Tortuga Map - (17th Century)

After relaxing and partying in Tortuga for a while, Francois decided it was time to begin another expedition. He took six ships and 700 men and set sail for the coast of Nicaragua. However the fleet was blown off course and was sent into the Gulf of Honduras. They raided and looted villager towns with little success. They eventually came up the small town of Puerto Caballos. As the buccaneers approached the Spanish fled into the jungle taking their valuables with them. As the search turned up with little treasure, L’Ollonais became more and more brutal in his interrogation methods to find hidden loot. As Alexander Exquemelin put it:

“When L’Ollonais had a victim on the rack, if the wretch did not instantly answer his questions, he would hack the man to pieces with his cutlass, and lick the blood from the blade with his tongue, wishing it was the last Spaniard in the world that he had thus killed."

- Buccaneers of America (1678)

Francois L'Ollonais - Francois L'Ollonais in Puerto Caballos

L'Ollonais in Puerto Caballos - The Sea, Its Stirring Story of Adventure (1877)

L’Ollonais managed to get two of the prisoners to guide him to the town of San Pedro which was near a major Spanish gold mine. However as the buccaneers approached San Pedro they were met by the Spanish infantry who ambushed the group. The buccaneers retreated and regrouped. Then they came back and defeated the Spanish troops. The slaughtering of the troops was not enough for Francois however. As payment for leading them to the soldiers Francois:

“Ripped open of [them] with his cutlass, tore out the still beating heart, gnawed on it for a moment before shoving into the horrified face of the other prisoner.”

- Buccaneers of America (1678)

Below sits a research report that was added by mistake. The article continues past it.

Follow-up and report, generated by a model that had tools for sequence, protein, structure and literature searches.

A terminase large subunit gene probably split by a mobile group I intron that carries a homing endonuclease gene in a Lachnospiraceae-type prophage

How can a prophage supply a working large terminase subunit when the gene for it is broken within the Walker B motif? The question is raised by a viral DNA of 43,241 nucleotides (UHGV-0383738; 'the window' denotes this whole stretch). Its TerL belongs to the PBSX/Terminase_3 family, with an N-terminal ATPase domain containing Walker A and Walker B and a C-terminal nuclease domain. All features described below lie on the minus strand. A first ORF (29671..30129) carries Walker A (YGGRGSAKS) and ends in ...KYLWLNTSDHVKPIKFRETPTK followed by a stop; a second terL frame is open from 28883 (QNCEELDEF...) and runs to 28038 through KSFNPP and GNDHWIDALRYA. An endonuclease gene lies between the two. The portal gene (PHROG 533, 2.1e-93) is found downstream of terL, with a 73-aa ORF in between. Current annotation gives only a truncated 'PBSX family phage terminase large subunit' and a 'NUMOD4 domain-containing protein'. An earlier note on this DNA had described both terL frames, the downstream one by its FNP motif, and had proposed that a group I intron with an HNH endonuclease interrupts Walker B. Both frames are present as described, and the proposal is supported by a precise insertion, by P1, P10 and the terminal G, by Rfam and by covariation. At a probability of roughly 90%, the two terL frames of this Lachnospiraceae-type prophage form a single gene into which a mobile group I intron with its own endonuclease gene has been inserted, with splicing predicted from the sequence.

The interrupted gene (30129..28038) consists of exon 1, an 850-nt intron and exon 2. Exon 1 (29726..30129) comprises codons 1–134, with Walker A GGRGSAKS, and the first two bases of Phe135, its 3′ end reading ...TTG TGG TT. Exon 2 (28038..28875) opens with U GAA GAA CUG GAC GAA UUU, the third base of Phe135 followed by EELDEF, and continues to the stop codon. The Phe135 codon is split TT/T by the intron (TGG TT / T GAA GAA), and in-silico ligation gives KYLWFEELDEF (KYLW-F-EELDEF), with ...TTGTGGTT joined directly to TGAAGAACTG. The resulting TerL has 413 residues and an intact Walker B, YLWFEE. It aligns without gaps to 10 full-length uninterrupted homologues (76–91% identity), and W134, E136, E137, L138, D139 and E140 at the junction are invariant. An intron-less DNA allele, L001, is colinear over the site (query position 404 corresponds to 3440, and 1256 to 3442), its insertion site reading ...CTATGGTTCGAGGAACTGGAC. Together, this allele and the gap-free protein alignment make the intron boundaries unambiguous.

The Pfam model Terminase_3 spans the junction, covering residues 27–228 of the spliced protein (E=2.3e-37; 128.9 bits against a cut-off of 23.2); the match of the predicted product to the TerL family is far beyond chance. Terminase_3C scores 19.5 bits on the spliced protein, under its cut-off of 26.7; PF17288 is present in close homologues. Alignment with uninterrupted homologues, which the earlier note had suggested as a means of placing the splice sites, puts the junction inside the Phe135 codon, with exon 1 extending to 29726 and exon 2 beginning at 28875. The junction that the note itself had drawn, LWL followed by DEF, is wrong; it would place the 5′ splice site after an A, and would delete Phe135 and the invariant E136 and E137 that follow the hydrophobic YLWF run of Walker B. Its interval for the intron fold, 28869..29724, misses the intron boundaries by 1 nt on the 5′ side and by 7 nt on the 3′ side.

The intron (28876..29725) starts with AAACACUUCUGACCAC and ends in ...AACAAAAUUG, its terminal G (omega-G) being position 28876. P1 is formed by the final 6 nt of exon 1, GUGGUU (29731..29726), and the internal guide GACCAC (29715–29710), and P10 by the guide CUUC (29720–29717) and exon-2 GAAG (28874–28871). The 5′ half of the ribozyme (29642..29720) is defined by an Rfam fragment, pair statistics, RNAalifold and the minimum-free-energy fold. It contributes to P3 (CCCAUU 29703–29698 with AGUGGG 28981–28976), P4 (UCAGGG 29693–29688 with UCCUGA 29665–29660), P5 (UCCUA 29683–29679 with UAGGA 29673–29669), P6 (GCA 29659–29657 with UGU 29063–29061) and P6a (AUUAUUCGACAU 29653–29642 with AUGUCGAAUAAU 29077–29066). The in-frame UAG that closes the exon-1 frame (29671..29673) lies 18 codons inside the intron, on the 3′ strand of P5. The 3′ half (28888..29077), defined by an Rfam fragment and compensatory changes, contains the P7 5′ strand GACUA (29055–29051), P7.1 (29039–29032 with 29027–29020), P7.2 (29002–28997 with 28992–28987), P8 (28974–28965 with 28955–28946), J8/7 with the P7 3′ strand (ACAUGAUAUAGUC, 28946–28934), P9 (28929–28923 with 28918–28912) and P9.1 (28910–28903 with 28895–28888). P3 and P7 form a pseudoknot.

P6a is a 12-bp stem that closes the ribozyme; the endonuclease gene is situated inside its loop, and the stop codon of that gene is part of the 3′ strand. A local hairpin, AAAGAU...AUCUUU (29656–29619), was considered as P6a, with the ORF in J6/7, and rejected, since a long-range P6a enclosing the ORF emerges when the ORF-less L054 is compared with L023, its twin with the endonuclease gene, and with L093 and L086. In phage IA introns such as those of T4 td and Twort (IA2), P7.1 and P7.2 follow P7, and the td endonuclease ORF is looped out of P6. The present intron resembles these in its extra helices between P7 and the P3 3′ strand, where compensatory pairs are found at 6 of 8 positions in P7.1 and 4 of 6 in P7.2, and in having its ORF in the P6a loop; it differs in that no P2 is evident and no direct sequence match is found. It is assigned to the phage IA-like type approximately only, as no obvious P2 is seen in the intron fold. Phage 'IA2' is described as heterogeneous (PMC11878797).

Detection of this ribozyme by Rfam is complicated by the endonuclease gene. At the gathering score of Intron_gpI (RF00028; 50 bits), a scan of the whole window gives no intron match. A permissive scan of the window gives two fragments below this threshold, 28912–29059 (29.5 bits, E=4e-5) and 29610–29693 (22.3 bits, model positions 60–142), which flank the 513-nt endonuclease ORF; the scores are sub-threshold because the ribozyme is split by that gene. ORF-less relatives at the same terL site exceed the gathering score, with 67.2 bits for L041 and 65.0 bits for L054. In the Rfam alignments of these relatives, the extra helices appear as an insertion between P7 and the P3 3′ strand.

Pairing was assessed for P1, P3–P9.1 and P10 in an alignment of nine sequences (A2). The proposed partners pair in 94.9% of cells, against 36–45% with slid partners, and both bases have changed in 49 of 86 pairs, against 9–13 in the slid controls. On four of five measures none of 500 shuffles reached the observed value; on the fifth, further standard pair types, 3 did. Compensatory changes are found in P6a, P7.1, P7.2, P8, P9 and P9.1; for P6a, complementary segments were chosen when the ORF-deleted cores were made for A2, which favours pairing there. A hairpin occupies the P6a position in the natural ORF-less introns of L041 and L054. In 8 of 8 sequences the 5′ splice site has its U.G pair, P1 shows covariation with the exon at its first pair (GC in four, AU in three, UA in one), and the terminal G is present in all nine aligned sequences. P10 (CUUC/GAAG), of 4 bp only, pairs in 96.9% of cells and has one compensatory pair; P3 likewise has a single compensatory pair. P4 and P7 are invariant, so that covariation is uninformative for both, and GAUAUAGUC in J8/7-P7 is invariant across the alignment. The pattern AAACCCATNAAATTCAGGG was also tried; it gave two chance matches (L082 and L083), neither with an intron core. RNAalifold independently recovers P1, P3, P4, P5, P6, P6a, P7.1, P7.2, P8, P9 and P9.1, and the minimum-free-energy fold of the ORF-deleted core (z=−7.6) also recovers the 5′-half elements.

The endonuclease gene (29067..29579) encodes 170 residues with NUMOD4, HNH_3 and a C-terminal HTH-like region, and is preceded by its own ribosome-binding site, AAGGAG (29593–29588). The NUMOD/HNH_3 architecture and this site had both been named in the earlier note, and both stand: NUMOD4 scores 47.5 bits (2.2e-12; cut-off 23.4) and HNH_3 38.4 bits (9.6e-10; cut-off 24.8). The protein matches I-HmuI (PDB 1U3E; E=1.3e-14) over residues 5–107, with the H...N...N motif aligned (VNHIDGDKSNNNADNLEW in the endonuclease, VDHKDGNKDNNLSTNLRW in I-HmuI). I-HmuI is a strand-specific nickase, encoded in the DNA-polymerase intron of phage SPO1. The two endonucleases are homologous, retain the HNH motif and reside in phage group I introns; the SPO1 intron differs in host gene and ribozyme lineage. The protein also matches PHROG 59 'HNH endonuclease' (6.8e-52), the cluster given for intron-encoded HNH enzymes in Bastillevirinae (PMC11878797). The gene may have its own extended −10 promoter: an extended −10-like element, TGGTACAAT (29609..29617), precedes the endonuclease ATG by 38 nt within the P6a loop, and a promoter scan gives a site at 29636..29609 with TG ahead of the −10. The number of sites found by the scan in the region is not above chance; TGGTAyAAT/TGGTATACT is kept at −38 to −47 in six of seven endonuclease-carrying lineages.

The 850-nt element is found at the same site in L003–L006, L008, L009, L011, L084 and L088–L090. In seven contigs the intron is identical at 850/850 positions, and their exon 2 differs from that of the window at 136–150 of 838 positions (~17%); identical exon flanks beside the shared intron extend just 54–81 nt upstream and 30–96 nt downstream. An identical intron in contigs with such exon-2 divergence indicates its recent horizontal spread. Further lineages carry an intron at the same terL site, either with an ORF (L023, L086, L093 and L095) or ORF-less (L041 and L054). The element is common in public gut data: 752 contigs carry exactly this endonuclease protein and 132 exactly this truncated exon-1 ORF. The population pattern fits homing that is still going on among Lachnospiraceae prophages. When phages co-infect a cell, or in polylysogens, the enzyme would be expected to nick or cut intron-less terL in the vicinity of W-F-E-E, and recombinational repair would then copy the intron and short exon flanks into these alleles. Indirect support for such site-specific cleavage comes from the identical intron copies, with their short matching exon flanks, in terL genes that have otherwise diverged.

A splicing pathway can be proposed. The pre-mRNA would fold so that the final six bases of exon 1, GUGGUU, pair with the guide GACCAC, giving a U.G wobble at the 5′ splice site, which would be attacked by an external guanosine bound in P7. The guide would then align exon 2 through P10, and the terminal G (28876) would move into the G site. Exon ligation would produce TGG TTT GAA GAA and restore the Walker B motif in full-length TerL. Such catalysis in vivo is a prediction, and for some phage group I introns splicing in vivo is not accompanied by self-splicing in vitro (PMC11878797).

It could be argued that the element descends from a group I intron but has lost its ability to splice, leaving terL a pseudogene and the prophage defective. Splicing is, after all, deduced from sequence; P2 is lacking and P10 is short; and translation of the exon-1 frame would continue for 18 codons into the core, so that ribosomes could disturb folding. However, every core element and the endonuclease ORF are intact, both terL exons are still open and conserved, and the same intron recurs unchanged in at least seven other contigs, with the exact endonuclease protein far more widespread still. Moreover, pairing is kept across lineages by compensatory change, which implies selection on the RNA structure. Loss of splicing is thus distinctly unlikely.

After this the second prisoner suggested a route that would be less guarded by Spanish soldiers and the buccaneers succeeded in taking and looting the city.

Death

Francois' last attack on the Spanish settlements was when he razed San Pedro when it offered no treasure. After the series of failures his crew deserted him and took off with the smaller boats of the fleet. L’Ollonais tried to make sail with his small, loyal crew and headed towards Nicaragua but ran aground. Some of the crew parted ways and tried to take a small longboat back to civilization.

Francis L'Ollonais - Isthmus of Darien Map (17th Century)

Isthmus of Darien Map (17th Century)

Him and his crew were eventually captured by the Spanish and the crew wiped out. Francois was taken alive and managed to escape once again and ventured into the jungle on foot in hopes of reaching the Gulf of Darien located at the Isthmus of Darien. However along his journey he was met by a group of Amerindian cannibals who ambushed his band of buccaneers. In a fit of justice the islanders:

“Tore him in pieces alive, throwing his body limb by limb into the fire and his ashes into the air.”

- Buccaneers of America (1678)

In the end the brutal buccaneer known as Flail of the Spaniards saw his end as he got eaten by the tribe of cannibals. The Spanish would have hung him in chains and watched the birds peck out his eyes so who knows which fate was worse. The cannibals burned him alive, cut his still breathing body into pieces, cooked it and ate it. Thus the ruthless reign of Francois L'Ollonais was ended and the career of one of the most brutal and prolific buccaneers had ended.

Buccaneers

Sources

Primary Sources

History Archive: De Americaensche Zee-Roovers

Exquemelin, A. (1678). The History of the Buccaneers of America. Great Britain:

Secondary Sources

Stockton, F. (1867) Buccaneers and Pirates of Our Coasts. New York: Grosset and Dunlap (Macmillan).

Pyle, H. (1921). Book of Pirates. New York, Harper & Brothers.